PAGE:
I was a trainee TV buyer under Derrick Southon. Ray and Derrick went on to create Zenith Media some 13 years later - but that's another story.
A week later, Richard Eyre joined and a few weeks after that a jolly girl who liked a pint (vodka usually) with the boys. Name of Christine Walker.
None of us had the first idea what we were doing but it was a good lark and somehow Derrick eventually got us - kicking and screaming - to buy something like the right spots at something like the right price. I was let loose on Younger's Tartan Bitter, whose slightly desperate copyline was "Worth passing a few pubs for" - a not very subtle admission that "our distribution's crap".
Once I had proved to Derrick that I could add up a column of figures on my shoebox-sized calculator (no computers, just pencil-written schedules), I was promoted to Procter & Gamble. Derrick informed me with more than a hint of malice that if I fucked up, my life wouldn't be worth living.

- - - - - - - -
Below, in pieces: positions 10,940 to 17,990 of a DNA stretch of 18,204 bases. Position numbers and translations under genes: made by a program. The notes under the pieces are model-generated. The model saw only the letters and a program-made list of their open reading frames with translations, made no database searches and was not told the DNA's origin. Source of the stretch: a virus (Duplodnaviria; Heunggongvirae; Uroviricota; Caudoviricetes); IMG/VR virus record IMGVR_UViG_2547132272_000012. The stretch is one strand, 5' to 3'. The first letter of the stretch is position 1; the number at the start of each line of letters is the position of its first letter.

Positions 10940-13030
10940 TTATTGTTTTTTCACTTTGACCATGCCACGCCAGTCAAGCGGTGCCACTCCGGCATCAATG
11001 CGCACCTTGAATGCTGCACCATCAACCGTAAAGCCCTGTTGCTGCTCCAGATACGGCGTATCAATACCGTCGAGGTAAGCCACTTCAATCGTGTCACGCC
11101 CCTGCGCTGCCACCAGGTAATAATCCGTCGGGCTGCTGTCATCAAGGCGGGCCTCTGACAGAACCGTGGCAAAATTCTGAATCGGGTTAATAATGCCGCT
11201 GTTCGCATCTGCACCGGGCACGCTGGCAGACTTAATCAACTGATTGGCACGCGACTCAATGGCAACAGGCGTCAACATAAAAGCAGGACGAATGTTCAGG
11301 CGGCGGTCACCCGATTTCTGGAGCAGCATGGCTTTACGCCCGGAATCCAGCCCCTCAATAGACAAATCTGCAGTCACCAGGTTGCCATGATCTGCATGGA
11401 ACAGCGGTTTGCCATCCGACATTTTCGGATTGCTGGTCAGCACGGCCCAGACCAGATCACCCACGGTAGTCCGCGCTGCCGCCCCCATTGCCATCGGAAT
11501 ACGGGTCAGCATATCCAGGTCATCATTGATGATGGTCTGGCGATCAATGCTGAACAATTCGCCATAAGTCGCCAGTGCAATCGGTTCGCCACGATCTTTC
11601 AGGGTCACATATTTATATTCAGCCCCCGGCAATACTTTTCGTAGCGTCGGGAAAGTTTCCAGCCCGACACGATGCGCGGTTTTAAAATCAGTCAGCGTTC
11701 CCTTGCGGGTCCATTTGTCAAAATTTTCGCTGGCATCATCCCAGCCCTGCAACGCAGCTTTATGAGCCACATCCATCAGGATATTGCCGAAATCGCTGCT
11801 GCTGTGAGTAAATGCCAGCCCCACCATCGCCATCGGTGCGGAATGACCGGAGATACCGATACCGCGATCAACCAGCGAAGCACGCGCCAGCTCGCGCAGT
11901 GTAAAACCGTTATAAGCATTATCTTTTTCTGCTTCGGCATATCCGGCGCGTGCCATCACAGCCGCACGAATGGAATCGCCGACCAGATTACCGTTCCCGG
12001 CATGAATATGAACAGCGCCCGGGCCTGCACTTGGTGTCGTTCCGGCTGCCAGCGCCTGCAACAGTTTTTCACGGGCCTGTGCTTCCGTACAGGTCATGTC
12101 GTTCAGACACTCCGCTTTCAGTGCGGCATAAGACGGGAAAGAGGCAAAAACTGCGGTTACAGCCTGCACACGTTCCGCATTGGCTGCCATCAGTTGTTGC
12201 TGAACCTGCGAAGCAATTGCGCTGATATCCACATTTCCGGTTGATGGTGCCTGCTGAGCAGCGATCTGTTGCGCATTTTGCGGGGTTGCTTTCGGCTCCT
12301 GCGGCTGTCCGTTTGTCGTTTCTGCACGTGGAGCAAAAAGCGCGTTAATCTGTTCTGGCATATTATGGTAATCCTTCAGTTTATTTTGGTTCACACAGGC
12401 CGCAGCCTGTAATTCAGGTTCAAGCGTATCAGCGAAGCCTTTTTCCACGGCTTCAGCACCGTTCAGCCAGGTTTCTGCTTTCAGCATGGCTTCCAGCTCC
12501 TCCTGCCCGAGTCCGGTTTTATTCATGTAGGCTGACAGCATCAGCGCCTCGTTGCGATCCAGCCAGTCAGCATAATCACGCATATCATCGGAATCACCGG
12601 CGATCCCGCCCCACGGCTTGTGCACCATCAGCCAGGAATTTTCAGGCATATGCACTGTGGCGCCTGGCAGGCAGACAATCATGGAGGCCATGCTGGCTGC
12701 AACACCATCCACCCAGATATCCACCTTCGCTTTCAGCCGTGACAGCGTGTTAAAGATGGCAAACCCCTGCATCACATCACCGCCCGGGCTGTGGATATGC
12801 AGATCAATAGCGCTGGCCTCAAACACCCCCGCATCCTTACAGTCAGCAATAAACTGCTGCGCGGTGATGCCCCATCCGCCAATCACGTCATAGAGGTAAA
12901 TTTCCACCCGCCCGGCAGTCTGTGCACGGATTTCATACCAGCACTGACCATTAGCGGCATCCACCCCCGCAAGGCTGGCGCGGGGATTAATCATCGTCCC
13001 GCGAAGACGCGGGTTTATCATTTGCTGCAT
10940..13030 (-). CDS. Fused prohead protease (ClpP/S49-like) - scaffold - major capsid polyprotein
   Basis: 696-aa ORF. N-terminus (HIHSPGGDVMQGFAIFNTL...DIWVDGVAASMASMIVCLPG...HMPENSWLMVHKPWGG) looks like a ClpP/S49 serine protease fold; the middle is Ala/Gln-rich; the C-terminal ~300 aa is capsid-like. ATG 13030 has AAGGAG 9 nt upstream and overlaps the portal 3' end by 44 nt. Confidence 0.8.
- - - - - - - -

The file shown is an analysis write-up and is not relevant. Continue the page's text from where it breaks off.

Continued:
Every night you had to send new TV schedules up to Newcastle in a sort of sealed diplomatic bag. Approved schedules came back the next day. On day one, I sent off the bag, on day two it came back. But it hadn't actually been to Newcastle because I had failed to change the address label. I'm sorry Derrick - please forgive me. I never dared tell you at the time.
The people who did know were the awe-inspiring media managers at P&G, Gareth Morgan (no relation to Ray) and a chap called Bernard Balderston.
And they say media is a fast-changing world!
Boy, did we work hard - designing elaborate paper darts to fly across Knightsbridge and sail over the wall into the barracks of the Household Cavalry; endless quizzes set by Peter Shaw, a warm and funny man whose erudition made him the world's most unlikely TV buyer; or "indoor winter Olympics" (unknown to me my most pristine ski-jump landing witnessed in disbelief by Bruce Rhodes, the agency's chief executive).
Ah, happy days.
Gone and forgotten? Absolutely not! Recreated and pored over year in year out at the annual B&B reunion. Almost all those mentioned above, and a few more besides, are loyal attendees. Ray Morgan is in his seventies now - though you'd never know it, he looks exactly the same as he did back in 1975. He'll outlive the lot of us, the old bugger.